Too many irons in the fire

Offline Riwaka

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Re: Wheel Harvesters
« Reply #11 on: November 29, 2017, 08:58:54 pm »
Why is there a shift from the tracked machines for thinning? Is there a directive from the land owners/ managers that they want wheeled machines to be used on their land?
New machine evaluation - look for the positives in your old machine and try and find them in a new machine.
Cat 501 HD track machine, 163 hp, good visibility.


John Deere 1170e 6x6 (how far off are Deere from bringing out a g series?) bigger crane than the 1070, 10 000lbs lighter than a 1270 8 wheeler, 1170e similar weight to the JD 653? but with more power.  John Deere Forestry Oy in Joensuu, Finland manufactures log forwarders, wheeled harvesters and harvesting heads.


1270e 8 wheel

The TCs new and used - a new TC 1135 wheeled, 228 horsepower,(big dollars)    Tigercat LX822C used 600 miles from pdx. put a pierce harvester boom/ arm on it with processing head of choice. TC has the steep ground trans and levelling, cummins etc. (Is it legal to bring low tier engines across the border or bring it across the line engineless?) Is California dumping the old low tier diesel trucks in Or still?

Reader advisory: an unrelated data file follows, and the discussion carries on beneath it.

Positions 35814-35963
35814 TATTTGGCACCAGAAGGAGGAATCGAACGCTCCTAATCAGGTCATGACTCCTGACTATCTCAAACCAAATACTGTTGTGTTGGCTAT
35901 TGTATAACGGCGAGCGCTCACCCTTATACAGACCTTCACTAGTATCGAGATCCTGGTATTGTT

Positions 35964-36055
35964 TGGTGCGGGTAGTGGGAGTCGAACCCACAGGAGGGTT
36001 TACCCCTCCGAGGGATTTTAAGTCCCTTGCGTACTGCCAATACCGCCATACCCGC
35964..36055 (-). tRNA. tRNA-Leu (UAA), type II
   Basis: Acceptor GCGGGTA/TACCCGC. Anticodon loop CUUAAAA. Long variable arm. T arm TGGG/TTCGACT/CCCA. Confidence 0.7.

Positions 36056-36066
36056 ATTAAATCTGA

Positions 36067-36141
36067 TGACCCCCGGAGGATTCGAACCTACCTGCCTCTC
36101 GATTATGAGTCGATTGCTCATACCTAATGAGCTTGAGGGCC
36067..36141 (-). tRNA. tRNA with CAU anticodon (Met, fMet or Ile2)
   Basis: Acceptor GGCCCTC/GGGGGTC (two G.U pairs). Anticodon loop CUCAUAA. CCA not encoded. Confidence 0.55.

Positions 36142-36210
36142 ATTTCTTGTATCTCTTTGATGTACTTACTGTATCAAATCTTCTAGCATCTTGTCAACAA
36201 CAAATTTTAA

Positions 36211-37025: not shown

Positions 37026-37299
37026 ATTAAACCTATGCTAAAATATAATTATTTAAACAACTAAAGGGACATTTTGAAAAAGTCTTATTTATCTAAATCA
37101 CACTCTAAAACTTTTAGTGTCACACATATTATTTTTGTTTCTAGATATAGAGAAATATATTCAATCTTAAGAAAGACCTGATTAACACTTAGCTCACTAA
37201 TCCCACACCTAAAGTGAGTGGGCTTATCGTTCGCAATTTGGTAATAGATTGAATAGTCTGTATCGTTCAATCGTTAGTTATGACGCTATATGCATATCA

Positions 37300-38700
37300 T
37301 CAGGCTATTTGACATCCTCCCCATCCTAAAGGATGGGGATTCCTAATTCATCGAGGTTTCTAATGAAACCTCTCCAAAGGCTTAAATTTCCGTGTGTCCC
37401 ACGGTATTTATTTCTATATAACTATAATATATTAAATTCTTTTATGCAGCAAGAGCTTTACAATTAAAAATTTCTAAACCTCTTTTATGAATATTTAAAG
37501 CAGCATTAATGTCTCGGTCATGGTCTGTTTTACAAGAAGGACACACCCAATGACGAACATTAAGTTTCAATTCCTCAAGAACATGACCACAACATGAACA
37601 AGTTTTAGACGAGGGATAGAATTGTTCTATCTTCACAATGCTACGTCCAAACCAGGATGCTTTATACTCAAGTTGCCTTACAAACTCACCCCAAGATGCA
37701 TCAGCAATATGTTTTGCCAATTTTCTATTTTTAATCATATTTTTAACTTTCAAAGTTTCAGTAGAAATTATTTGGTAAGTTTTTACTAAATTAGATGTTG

https://www.machinerytrader.com/listings/construction-equipment/for-sale/list/category/31437/forestry-equipment-feller-buncher/manufacturer/tigercat/model/lx822c


TC H820D   (Even title in the video is incorrect    http://www.tigercat.com/wp-content/uploads/2017/01/H820D-LH820D-6pg-FINAL-web.pdf) Contact TC and see if any smaller machines are in the plans if 280 hp is too much)







Offline Skeans1

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Re: Wheel Harvesters
« Reply #12 on: November 29, 2017, 10:55:24 pm »
Why is there a shift from the tracked machines for thinning? Is there a directive from the land owners/ managers that they want wheeled machines to be used on their land?
New machine evaluation - look for the positives in your old machine and try and find them in a new machine.